“I believe what that story displays is how there really was a organization calculation that was being made at these businesses,” Ms. Metal said. “They noticed that Roger Ailes got simply left. Megyn Kelly got just left. Expenses O’Reilly was their most significant star and he pulled in vast sums of dollars a time for them. And that was more important to them at that time.”
For Ms. Kantor and Ms. Twohey, examining the system that Mr. Weinstein constructed – one packed with attorneys, brokers and assistants – to shame, silence and coerce victims was the next phase after the first story was published.
“We can’t just drop by type of revealing allegations against individuals,” Ms. Twohey said. “We must start to kind of piece together and peel again the layers of systemic failures and genuinely push this conversation frontward into solutions. Not just systemic failures but systemic solutions.”
Patterns of abuse are often similar.
Reporters on both the Weinstein and O’Reilly conditions say they were struck by a routine. In Mr. O’Reilly’s circumstance, he’d offer women publicity or careers with Fox, Ms. Metal said.
In 2013, Mr. O’Reilly attemptedto invite a woman, Wendy Walsh, back again to his hotel room after giving her profession information. When Ms. Walsh switched him down, he retaliated by receiving her dropped as a guest on his present and rescinding his offer to create her a network contributor. She did not report the show out of concern with jeopardizing her career.
“There are a great number of systems in place that allowed these men to continue to perpetuate this harassment against women,” Ms. Metal said, “and get away with it.”
Of Mr. Weinstein, who sometimes used assistants to accompany women of all ages to resort suites before leaving them only with him, Ms. Kantor said, “It had been eerie how comparable the stories of predation had been,” despite speaking to women of differing backgrounds, age ranges and eras of Mr. Weinstein’s career.
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“He was calculated,” Ms. Twohey said. “He was very wise in creating allegiances and romantic relationships throughout a variety of industries that he used as cover for his bad tendencies.”
Examining what’s at stake intended for the victims – and reporters.
The high-profile men at the guts of these stories weren’t afraid to intimidate their victims, or the reporters who worked to reveal abuse. Ms. Metal recounted an earlier dialogue with Mr. O’Reilly on an unrelated story, where he threatened to follow her “with everything he had.”
“It did help me know how it may be to be on the other end of a threatening telephone call from O’Reilly,” Ms. Metal said, “or how he’d respond in some situations.”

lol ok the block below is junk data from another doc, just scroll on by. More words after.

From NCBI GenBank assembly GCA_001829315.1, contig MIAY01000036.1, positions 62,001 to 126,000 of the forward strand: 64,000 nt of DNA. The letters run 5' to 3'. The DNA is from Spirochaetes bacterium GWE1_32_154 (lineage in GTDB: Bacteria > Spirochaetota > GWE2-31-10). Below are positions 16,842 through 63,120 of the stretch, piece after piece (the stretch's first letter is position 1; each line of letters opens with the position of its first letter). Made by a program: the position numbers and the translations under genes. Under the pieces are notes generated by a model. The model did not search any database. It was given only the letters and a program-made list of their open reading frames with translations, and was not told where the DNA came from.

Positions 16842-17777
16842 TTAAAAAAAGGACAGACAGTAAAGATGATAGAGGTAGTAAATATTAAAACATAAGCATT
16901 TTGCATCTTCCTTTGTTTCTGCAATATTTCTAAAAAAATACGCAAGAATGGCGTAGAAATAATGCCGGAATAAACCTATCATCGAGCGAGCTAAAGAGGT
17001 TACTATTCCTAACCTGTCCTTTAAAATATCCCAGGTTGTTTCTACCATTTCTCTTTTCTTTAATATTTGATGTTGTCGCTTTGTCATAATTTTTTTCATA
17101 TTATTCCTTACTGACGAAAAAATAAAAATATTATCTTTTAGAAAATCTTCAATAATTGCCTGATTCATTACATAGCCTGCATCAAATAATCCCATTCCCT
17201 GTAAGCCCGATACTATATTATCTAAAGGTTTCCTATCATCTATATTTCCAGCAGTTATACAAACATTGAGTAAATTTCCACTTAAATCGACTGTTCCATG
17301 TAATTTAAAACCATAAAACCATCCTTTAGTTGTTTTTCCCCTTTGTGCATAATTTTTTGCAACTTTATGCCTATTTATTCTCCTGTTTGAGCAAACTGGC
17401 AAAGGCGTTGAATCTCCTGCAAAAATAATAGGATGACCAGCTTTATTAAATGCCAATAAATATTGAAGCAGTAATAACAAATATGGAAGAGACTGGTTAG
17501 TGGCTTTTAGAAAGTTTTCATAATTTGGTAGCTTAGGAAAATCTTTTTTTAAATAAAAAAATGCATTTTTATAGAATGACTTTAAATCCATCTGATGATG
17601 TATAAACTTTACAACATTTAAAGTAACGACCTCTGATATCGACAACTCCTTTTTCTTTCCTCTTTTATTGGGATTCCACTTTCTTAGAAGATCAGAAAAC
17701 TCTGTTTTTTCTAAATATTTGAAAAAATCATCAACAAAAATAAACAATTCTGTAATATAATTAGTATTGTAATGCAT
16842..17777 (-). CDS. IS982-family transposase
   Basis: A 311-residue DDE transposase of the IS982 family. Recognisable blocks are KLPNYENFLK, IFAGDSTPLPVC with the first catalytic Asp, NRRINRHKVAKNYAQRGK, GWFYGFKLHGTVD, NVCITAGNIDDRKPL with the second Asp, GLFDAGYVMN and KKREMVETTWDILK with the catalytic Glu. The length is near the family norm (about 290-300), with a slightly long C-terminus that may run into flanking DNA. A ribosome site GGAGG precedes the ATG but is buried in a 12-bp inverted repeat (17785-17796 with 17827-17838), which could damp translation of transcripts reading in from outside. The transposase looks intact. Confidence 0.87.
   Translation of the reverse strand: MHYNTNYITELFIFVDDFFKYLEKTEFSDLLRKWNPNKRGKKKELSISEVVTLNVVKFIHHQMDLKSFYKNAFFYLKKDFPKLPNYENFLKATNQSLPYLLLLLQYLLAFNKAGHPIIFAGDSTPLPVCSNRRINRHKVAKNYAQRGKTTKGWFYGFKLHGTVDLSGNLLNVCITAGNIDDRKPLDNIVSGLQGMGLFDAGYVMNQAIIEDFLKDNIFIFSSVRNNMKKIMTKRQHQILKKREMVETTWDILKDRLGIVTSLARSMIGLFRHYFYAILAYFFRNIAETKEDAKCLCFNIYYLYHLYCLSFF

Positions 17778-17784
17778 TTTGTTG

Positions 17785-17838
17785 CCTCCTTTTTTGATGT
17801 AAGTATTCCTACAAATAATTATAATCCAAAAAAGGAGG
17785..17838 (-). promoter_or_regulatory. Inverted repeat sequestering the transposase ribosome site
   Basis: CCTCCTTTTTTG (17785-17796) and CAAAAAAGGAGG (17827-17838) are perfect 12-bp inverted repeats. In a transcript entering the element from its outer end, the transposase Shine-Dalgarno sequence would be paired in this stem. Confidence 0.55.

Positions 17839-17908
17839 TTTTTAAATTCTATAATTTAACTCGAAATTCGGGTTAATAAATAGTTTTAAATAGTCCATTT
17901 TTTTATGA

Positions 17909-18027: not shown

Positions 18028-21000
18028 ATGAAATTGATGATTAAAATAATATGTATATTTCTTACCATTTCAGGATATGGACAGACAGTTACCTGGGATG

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Ms. Kantor, who was simply at one point subject to intimidation from Mr. Weinstein’s self-built safety network, said that the larger fear on her behalf was endangering sources, a few of whom were not renowned and who got risked their livelihoods to speak out.
In the end, both she and Ms. Twohey said, worries of inability drove the reporting frontward; they did not want Mr. Weinstein’s methods of intimidation to function.
“We have felt the greatest good sense of journalistic and moral responsibility,” Ms. Kantor said. “The prospect that people could’ve failed, that people could’ve known this materials yet not been able to create it, and walked around for the rest of our lives possessing this terrible secret and not being able to talk about it with anybody, that was the truly scary the main process.”
Ms. Judd, who was simply a goal of Mr. Weinstein’s information-gathering attempts against his accusers, said that she was ready for the outcome.
“There was definitely a gap somewhere between ‘this is easy, here is the right move to make,’” Ms. Judd said, “and ‘something really big is getting prepared to happen.’”
She said that one result of speaking out could have been a libel lawsuit against her, but she considered the alternative.
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“Maybe the change was going to be that of the girls and women who was simply afflicted by Harvey in these harming and obnoxious methods would come together with women across all spaces and sectors and industries,” Ms. Judd said, “and say basta – more than enough is enough.”
Harassment does not occur just in high-profile industries.
With stories of sexual abuse spilling out of Hollywood, Congress and the news headlines media, reporters must grapple with a related issue: the abuse occurring in lower-account industries, where employees have even fewer avenues of recourse.
“It does feel like there is a lot more journalistic work to do in various places at the other end of the economical spectrum,” Ms. Kantor said. “I do think that part of what is important about these high-profile mass media and Hollywood stories is that so lots of the guys who have a history of these allegations, they were our culture’s storytellers.”
Where does the movement go from here?
It’s an instant that feels like a national reckoning, but a huge question possesses appeared: Will the stories about Mr. Weinstein, Mr. O’Reilly and others take about lasting change?
“All I could say is we can see things given that we were under no circumstances able to see before,” Ms. Kantor said. “You can now really see the habits,” including that women are usually abused early on within their careers, in episodes that may sometimes change their profession trajectory.
Another prominent case in point, she said, may be the latest scrutiny over confidential legal settlements – a tactic which has always been used from Hollywood to Capitol Hill to erase disputes – and if they really protect the abused or if they enable predation to continue unabated.
“On a collective level,” Ms. Kantor said, “it doesn’t go away at all.”